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layer cakes, bullfrogs, folktales, Lesher's Mill, Sinking Spring, Naftzingertown, Pennsylvania Dutch dialect


A handwritten letter from George E. Bagenstose addressed to Alfred L. Shoemaker, dated January 10, 1956. Within, Bagenstose recounts a folktale involving a stopped waterwheel and a talking bullfrog.


George E. Bagenstose


Alfred L. Shoemaker

Corresponds to:

Packet 44-6


Sinking Spring, Pennsylvania


Jan 10 1956

Dr. Shoemaker:

On Sat. evening Jan. 8th you asked for Dutch names for layer cakes, in the section around Centerport, where I was raised they were known as (“Schtuk Kucka”). (SCHTUCK KUCKA).

On a separate sheet I am sending in dialect (the best I can in spelling) the following:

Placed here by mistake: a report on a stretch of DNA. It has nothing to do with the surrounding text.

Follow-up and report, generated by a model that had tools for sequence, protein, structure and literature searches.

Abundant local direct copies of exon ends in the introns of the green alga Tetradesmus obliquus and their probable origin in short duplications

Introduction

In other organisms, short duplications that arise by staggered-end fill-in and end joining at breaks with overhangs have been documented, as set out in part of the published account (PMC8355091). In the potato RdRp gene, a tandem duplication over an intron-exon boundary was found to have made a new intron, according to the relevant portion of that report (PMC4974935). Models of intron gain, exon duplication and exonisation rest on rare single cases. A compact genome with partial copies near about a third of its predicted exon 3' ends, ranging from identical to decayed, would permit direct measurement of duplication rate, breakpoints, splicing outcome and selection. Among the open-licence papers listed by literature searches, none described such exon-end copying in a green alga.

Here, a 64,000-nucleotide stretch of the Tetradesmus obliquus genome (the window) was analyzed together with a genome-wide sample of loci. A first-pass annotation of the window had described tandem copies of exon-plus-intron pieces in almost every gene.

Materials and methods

Up near Naftzingertown was Lesher’s Mill, one day the mill stopped running for no apparent reason in the middle of a batch of meal. The men started to look for the trouble and everything seemed to be in order until the miller went down to the lower level to check the water wheel. When he reached the bottom step he heard a bull frog saying “the wheel stopped rotating, the wheel stopped rotating. There he was, his back against the wheel and his four feet propped against the wall holding the wheel.

Respectfully yours

George E. Bagenstose

Druvva in Naftzinger schtettel war Leshers Mael. Mol a dawg hot die mael schtoppa shpringa midtes im schroeda. Sie hen alles unnersucht for der druvel und hen nix finna canna. No is der miller amol nunner in der kellar. Uno hot mol ga googt noch em wasser rawd. Saina eb ebess lets waer dart. No hot er en bullfrog g'hairt. Er hot g’sawdt “Es rawd geht nimme ruum - es rawd geht nimme ruum“ Dart hot er g’hort. Mit em bukel wedder em rawd. Und die fier fees wedder da mawer und hots rawd g’hovva.


English and Pennsylvania German

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Letter From George E. Bagenstose to Alfred L. Shoemaker, January 10, 1956



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